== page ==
Pulitzer Prize winner, LIU Post alumnus and reporter at the New York Post Josh Margolin gave a lecture as a part of the Media Arts Department’s Food for Thought Lecture Series on Thursday, February 16th, during the Common Hour. He discussed his journeys as a journalist and the different situations he encountered on his voyage toward the position that he holds today as a reporter for the New York Post.
Margolin attended Post from 1988-1992 as a Journalism major and was the Editor of The Pioneer. During the lecture, he spoke about his internship with Newsday. “A big story would break, and they knew I was willing to go out and get stories,” he said. He was a single guy with a car, and they realized that, so Newsday would send him out.
He went on to stress the importance of deadlines and abiding by them, saying that it’s not about how smart you are, but, rather, about getting the facts of your story and having your piece in by deadline.
Margolin was determined to make his mark within the journalism field. After graduating from Post, he sent out 145 resumes all over the country. He received three interviews and one job offer, joking that the job offer he received was from the tenth largest newspaper in New Mexico. He stayed there for about six months. After time progressed and he made a couple of moves because of different job offers, Margolin settled in New Jersey for 12 years, writing for the Newark Star Ledger.
After taking some questions from students and realizing he had lost track of the original question, Margolin explained to students the importance of remembering their original questions. He cautioned them to avoid getting caught up in what someone is telling you, as it is all too easy to do. Therefore, he said journalists should always keep the original question in the back of their heads and refer back to it.
Margolin concluded the talk with advice for journalism students who are planning to enter the field. He talked about using every tool that you have. He mentioned that you should have a tape recorder and even went as far as to say that it is “essential” because it allows for more eye contact during an interview versus looking down at a notepad the whole time. He talked about remembering your job, which is to get the story. Always keep pens, pencils and a note pad on you, he also reminded students. “A bad day for other people is a good story for us,” he joked.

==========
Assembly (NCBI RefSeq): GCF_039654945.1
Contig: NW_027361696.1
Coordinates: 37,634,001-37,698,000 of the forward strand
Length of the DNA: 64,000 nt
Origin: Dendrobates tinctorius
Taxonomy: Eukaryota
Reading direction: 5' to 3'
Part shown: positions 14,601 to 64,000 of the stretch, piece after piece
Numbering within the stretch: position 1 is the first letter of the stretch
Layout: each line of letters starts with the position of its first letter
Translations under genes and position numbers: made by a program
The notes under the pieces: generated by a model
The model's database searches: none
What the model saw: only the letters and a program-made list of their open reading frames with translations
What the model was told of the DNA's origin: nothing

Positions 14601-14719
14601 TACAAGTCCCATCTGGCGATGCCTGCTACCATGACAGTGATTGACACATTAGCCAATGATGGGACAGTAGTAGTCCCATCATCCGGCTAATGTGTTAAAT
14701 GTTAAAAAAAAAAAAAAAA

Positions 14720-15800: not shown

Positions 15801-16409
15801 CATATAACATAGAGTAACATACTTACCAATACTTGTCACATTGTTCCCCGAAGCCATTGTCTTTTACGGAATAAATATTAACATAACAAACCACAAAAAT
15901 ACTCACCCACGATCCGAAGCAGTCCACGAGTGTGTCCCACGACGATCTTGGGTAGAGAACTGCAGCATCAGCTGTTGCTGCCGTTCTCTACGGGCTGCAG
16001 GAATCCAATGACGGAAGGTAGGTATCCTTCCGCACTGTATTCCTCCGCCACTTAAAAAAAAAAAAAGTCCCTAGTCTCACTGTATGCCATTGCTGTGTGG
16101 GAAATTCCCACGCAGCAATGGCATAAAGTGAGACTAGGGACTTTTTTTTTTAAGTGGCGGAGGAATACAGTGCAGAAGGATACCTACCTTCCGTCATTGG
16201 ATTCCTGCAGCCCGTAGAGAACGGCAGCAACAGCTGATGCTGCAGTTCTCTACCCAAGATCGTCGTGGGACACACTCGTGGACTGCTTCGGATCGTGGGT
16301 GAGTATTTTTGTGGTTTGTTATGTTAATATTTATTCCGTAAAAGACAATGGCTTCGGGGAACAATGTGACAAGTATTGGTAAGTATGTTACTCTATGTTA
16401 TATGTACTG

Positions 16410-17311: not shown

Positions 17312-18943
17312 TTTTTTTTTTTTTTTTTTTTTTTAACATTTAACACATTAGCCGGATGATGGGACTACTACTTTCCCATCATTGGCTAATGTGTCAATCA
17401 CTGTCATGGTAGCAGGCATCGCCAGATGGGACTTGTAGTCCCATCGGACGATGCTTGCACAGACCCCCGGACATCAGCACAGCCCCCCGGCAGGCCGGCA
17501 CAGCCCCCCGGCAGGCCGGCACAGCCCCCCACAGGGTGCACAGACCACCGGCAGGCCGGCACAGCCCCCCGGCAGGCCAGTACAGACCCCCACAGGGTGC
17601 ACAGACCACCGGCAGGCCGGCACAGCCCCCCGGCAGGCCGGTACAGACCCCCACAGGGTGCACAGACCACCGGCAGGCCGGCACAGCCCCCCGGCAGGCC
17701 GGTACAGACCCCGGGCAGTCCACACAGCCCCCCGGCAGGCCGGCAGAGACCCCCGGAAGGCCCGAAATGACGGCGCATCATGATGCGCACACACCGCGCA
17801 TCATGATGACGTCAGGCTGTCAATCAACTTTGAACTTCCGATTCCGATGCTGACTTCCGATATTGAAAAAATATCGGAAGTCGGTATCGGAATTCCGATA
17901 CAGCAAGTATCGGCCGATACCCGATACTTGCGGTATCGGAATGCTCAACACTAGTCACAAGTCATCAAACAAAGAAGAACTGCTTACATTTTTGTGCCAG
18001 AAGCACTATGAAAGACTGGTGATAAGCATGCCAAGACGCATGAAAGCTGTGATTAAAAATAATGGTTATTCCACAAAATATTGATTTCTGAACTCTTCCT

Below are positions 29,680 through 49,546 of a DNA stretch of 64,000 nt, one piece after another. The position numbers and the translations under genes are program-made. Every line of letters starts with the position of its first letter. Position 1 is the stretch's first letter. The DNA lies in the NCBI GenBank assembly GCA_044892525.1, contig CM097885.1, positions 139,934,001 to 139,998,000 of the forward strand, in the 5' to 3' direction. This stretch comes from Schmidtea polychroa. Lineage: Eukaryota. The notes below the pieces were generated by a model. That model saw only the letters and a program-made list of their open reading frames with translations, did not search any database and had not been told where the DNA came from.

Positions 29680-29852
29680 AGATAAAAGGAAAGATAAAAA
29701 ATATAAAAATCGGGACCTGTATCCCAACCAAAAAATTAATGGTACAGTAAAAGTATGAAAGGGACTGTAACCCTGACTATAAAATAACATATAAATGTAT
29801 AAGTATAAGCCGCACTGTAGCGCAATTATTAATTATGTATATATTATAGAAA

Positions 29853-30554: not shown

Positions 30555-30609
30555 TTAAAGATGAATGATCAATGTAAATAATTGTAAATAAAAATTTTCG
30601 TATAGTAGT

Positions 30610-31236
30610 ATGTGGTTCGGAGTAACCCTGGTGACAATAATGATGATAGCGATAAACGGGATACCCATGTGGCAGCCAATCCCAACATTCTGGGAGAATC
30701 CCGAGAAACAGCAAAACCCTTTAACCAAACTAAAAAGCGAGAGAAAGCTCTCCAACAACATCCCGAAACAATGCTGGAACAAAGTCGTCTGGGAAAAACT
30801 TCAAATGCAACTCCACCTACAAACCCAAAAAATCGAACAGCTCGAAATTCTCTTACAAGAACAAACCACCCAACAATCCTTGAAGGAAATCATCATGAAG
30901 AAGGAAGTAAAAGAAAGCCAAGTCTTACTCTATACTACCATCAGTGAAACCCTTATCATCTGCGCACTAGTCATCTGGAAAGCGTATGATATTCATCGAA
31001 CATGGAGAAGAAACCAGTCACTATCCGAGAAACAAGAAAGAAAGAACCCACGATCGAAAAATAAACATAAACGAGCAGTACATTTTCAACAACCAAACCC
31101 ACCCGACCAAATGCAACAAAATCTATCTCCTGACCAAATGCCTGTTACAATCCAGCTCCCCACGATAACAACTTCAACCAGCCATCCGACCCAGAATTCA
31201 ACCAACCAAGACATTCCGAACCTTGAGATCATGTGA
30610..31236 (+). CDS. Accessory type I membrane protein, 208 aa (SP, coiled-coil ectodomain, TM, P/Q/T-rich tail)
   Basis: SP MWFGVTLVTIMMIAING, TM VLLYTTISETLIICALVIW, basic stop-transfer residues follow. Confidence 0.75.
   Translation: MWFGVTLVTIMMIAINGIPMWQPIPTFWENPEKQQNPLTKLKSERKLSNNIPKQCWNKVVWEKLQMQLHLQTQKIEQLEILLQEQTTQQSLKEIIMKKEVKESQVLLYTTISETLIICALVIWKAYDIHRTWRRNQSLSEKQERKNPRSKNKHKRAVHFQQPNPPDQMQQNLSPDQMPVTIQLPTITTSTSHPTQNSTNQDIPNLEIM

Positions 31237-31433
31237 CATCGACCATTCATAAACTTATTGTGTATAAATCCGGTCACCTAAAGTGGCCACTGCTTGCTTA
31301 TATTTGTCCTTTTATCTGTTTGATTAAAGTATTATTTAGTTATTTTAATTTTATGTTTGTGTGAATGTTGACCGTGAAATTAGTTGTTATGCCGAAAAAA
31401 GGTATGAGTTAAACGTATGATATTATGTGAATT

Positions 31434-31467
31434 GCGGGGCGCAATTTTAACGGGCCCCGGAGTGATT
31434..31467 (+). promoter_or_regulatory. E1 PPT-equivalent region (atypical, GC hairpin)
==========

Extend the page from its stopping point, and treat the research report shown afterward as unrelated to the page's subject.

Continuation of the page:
Mekelia Channer, a senior Psychology major, attended the lecture and finds comfort in stories that each speaker tells about working with different people. She says this gives her an insight as to what things may be like when she enters the working field. She found it helpful when Margolin talked about always being ready for a story. “Just be prepared with everything, whether it’s pencils, pens or a phone because, as a journalist, anything could happen,” said Channer.
Victoria Esteve, a junior Journalism major, said how she enjoyed the lecture. “I think the lecture gave a good insight on what future career possibilities might be waiting for you outside of Post. It also gives you insight on how your career could look like. You always need to be prepared because this isn’t a regular 9-5 job,” she said. Esteve has attended most of the Food for Thought Lecture Series events that are sponsored by the Media Arts Department. “I like how each lecture has had a different vibe to it,” Esteve said.
The Media Arts Department will hold its next Food for Thought lecture on Thursday, March 1st, at 12:45 p.m. in Humanities Hall. The guest speaker is Mercedes Vizcaino, the photography editor for All You Magazine/Time Inc.